About 92 per cent of watermelon consists of water, which nutritionists say makes it healthy and nutritious.
According to Leah Mfiteyesu, a nutritionist from nutrition cabinet Nutri-Sante, Kicukiro, this refreshing fruit is soaked with numerous nutrients and each juicy bite has significant levels of vitamins A, B6 and C, lots of lycopene, antioxidants and amino acids.
She says the fruit is also high in potassium and is fat-free, low in sodium and calories. Noting that, foods that are high in antioxidants and amino acids allow the body to function well.
She says that antioxidants help prevent damage and cancer.
Since the fruit contains amino acids, she says they are the basic building block for protein, and protein is used in virtually every vital function in the body.
Erick Musengimana, a nutritionist at Rwanda Diabetes Association, says watermelon has high levels of lycopene.
Lycopene, he says, is very effective at protecting cells from damage and may help lower the risk of heart disease.
By consuming watermelon, he says, it helps to improve blood flow and may help reduce the accumulation of excess fat.
Musengimana says that the lycopene in watermelon makes it an anti-inflammatory fruit, explaining that lycopene is an inhibitor for various inflammatory processes and also works as an antioxidant to neutralise free radicals.
Additionally, Musengimana says the watermelon contains choline, which helps keep chronic inflammation down.
He explains that when one is sick, they have cellular damage, which can be caused by a variety of factors, including stress, smoking, pollution, disease, and the body becomes inflamed. And so anti-inflammatory foods, including watermelon, can help with overall immunity and general health.
Mfiteyesu says watermelons help with overall hydration. One can get 20 to 30 per cent of the fluid needed through watermelon alone; he says foods like these certainly help and that their juice is full of good electrolytes, which can help prevent stroke.
Meanwhile, she points out that watermelon contains fibre which encourages a healthy digestive tract and helps keep you regular. So, for people with digestion problems, the fruit will work wonders.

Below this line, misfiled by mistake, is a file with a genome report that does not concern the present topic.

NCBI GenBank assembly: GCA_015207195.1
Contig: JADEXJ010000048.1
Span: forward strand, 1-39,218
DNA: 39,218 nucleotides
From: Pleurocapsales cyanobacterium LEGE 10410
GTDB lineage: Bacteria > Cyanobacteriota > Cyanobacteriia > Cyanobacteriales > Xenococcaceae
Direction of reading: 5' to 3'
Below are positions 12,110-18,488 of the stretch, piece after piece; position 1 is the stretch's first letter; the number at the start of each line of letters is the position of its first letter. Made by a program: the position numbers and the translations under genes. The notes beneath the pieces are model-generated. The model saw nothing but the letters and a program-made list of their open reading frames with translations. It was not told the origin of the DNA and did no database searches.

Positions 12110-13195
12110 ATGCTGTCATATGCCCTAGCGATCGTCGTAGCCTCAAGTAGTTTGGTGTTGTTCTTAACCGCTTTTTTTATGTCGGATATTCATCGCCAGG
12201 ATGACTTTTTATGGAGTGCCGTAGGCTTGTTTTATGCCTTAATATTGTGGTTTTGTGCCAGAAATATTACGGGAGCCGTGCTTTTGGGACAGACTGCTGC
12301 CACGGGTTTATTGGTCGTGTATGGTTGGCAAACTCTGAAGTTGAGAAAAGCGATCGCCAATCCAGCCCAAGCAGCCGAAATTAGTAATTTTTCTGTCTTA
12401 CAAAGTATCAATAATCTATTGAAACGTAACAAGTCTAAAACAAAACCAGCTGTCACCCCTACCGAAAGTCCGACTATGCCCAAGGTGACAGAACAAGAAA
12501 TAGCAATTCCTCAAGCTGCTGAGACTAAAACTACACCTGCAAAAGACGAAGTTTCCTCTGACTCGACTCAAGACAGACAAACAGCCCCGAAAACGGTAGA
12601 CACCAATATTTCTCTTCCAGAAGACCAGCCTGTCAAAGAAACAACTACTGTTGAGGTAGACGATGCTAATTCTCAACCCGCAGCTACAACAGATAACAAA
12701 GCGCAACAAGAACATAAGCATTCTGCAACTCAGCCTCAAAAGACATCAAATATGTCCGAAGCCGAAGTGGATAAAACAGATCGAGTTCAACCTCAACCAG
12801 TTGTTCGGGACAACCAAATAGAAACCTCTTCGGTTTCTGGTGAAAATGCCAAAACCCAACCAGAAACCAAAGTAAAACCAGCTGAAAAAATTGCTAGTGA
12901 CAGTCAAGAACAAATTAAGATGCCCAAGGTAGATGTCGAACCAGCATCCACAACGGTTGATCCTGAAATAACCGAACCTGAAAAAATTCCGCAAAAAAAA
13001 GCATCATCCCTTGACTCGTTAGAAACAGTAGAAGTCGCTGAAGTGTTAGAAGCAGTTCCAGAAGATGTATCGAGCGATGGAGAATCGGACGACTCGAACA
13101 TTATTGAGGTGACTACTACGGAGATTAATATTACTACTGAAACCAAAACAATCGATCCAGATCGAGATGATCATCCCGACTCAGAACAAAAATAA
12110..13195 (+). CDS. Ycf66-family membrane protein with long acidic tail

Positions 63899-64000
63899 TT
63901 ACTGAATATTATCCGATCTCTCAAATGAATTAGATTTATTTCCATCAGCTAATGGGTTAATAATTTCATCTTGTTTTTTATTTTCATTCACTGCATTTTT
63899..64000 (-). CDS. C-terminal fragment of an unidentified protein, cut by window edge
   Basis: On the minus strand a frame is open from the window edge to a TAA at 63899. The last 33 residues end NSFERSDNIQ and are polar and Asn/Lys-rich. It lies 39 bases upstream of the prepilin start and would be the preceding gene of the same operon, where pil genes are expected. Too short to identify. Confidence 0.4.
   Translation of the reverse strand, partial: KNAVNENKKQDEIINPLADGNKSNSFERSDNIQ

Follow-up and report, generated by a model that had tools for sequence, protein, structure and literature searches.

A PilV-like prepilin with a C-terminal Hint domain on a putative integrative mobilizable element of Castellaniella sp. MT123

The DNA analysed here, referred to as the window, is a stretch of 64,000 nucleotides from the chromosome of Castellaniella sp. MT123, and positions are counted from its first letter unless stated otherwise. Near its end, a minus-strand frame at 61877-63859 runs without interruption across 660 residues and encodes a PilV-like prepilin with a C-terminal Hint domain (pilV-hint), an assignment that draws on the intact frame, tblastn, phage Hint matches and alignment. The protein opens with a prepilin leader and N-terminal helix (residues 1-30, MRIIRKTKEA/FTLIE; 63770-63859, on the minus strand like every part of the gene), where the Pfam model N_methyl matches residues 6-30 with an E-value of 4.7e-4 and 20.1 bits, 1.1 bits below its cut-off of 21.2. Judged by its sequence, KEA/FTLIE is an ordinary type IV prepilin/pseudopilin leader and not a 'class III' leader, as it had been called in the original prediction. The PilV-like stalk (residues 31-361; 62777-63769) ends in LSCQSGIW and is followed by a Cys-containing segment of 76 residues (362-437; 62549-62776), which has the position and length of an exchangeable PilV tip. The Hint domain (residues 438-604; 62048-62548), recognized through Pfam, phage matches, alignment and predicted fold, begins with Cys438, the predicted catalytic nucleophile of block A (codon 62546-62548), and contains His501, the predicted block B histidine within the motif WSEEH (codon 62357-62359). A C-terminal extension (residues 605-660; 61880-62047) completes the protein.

Musengimana says vitamin A found in watermelon is good for one’s skin.
He says that vitamin A helps keep skin and hair moisturised, and because of its vitamin C presence, watermelon, when consumed, helps promote healthy collagen growth and elastin cells.
Private Kamanzi, a dietician and nutritionist, says for people who carry out intensive sports before a workout, consuming watermelon helps reduce muscle soreness the next day.
This, he says, is attributed to watermelon’s amino acids, citrulline and arginine, which help improve circulation.
Like other fruits and vegetables, Kamanzi says watermelon may be helpful in reducing the risk of cancer through its antioxidant properties.
He explains that lycopene, in particular, has been linked to reducing prostate cancer cell proliferation, according to the National Cancer Institute.
If eaten in reasonable amounts, he says, watermelon should produce no serious side effects. If you eat an abundance of the fruit daily, however, you may experience problems from having too much lycopene or potassium.
Also, he notes that lycopene is found in several parts of the eye where it helps protect against oxidative damage and inflammation.
“It may also, prevent age-related macular degeneration (AMD). This is a common eye problem that can cause blindness in older adults,” Kamanzi says.
Lycopene’s role as an antioxidant and anti-inflammatory compound may help prevent AMD from developing and getting worse.
In general, he says, lycopene may help keep eyes healthy and protect against age-related macular degeneration because of its antioxidant and anti-inflammatory properties.